As an arboricultural consultant, this article is written through the lens of a professional working in this context (i.e. my professional opinion). That being said, there is a clear cross-over to the public sector aspect of arboriculture (i.e. the tree officer). This article is also only a cursory glance at the issue so please follow-up with your own research. It goes without saying that the recommendations of BS 5837:2012 apply in the context of development and therefore this document is not directly referenced below.
Legal policy context
The UK government’s position on planning and development in England is kept ‘relevant’ through the National Planning Policy Framework (NPPF), which was most recently revised in 2018 and updated to a minor extent in February 2019. The purpose of the NPPF is to guide Local Planning Authorities (LPAs) to ensure that the manner in which they manage development within their jurisdiction is sustainable. Sustainability – in the NPPF – is defined broadly as “meeting the needs of the present without compromising the ability of future generations to meet their own needs” and is broken down in to three key parts: economic, social, and environmental (usually where trees come in) sustainability. To effectively pursue this trifold ‘archetype’, the NPPF specifies that “planning policies and decisions should play an active role in guiding development towards sustainable solutions, but in doing so should take local circumstances into account, to reflect the character, needs and opportunities of each area“.
In order for LPAs to achieve this, they must therefore produce a Local Development Plan (LDP) as per the legal requirement of the Planning and Compulsory Purchase Act 2004 (sometimes as both a Core Strategy document and a Development Management Policies document – usually coming into action at the same time but not always and with the former covering strategic policies and the latter non-strategic policies), which provides planning policies at the local level and guides local development (the NPPF specifies that planning and development “should be genuinely plan-led“). The Localism Act 2011facilitated in the descension of local policy also to the neighbourhood level with Neighbourhood Plans (NPs) (see also this link and this link), which is relevant but needn’t be discussed in detail right now (NPs are considered non-strategic and relevant in the planning context but are not yet widespread across England – use them where they exist). The NPPF specifies that the LDP must be supported by Supplementary Planning Documents (SPDs – defined in the NPPF as documents that “add further detail to the policies in the development plan“), where they are required and appropriate, in addition to Conservation Area (CA) appraisals and management documents. SPDs in particular must not conflict with the current LDP else they are generally redundant, as per the The Town and Country Planning (Local Planning) (England) Regulations 2012.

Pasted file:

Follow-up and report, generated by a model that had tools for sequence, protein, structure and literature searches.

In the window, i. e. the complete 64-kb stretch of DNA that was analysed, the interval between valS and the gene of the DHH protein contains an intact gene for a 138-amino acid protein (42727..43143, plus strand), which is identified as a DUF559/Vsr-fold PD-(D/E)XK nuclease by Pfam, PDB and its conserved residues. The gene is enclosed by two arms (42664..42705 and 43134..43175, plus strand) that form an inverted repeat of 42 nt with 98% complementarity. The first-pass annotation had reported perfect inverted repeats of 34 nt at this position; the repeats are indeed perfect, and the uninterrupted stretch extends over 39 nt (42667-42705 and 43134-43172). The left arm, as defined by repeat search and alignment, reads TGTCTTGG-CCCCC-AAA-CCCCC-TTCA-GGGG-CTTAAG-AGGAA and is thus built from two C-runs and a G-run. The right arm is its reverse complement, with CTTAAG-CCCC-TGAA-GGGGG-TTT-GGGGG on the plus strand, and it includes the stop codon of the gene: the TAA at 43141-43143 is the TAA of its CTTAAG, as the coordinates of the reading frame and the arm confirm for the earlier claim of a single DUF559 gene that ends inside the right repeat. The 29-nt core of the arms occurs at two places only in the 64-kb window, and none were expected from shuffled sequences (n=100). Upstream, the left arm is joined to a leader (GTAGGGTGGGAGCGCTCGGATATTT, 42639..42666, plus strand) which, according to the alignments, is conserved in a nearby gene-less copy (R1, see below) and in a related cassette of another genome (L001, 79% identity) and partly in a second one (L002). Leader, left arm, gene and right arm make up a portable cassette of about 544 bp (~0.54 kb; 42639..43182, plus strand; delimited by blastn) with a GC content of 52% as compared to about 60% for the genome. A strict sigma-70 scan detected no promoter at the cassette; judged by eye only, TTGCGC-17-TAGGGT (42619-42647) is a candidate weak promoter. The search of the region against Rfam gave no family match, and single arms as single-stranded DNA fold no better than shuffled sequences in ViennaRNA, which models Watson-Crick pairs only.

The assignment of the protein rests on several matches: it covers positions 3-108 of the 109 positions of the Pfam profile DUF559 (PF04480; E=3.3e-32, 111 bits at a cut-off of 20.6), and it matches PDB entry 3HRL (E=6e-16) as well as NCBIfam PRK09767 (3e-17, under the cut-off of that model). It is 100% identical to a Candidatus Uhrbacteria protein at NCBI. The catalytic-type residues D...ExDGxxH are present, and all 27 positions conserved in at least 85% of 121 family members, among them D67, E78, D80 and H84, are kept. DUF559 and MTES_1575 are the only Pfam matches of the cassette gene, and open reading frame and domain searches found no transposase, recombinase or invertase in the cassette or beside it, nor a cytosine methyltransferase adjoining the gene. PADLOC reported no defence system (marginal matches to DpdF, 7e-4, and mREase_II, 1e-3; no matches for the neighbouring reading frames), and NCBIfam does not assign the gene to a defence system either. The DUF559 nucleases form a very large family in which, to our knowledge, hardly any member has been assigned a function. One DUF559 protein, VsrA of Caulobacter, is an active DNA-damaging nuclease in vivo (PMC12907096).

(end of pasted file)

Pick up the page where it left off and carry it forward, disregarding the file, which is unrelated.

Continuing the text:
Within all of these documents, there will almost always be a reference to trees. This may come as a specific tree policy or as a green infrastructure policy (or anything in between). Sometimes, policies may relate only partly to trees but still be relevant – for example, a policy that specifies that landscape character should be properly assessed and protected within any proposed development.
Arboriculture and planning policy
With all of the above policy context, it is important to understand what the role of the arboriculturist is in the context of development management leading up to the point where the proposed development can legally begin to be built (following the discharge of pre-commencement conditions).
On the private side, the role in this process is as a consultant who works with the design team from RIBA Stages 1 through 5 (sometimes from 0) and usually – but depending on the scale of the project – with the project manager, planning consultant, architect, landscape architect, structural engineer, M&E engineer, and main contractor (in preparing for tender). The arboriculturist must, during this process, be aware from the offset of the relevant planning policy and documents from the LDP and any other related documents (e.g. SPDs, CA appraisal, and NP in some cases). The arboriculturist must therefore undertake a desktop study, to identify all relevant policies and documents and extract important details. For example, if we were looking at a proposed development in the Mill Hill area of the London Borough of Barnet, it would be necessary to consider the following documents at the local level:
The Core Strategy and Development Management Policiesdocuments;
The Mill Hill CA Character Appraisal Statementdocument.
Within these documents, the arboriculturist will need to identify those relevant planning policies and details that will have an impact upon the scope and eventual nature proposed development. Focussing on the LDP documents only, one will be able to see that strategic policies CS5 and CS7 are relevant in this case, in addition to the non-strategic policies DM01 and DM06 (the latter because Mill Hill is a CA). Specific details from the SPD and CA appraisal can then be selected from the texts. It is the role of the arboriculturist to ensure that they operate to these policies and details and advise the design team of this – particularly, the project manager and planning consultant, who will drive the proposed development designs forward in this respect and keep the project ‘on course’ and the trees suitably considered and accounted for (i.e. no clearfell operations where there are many good trees). Ultimately, the arboriculturist should include within their supporting statement (an Arboricultural Impact Assessment or ‘AIA‘) accompanying a planning application these policies and details and demonstrate how the proposed development complies with them.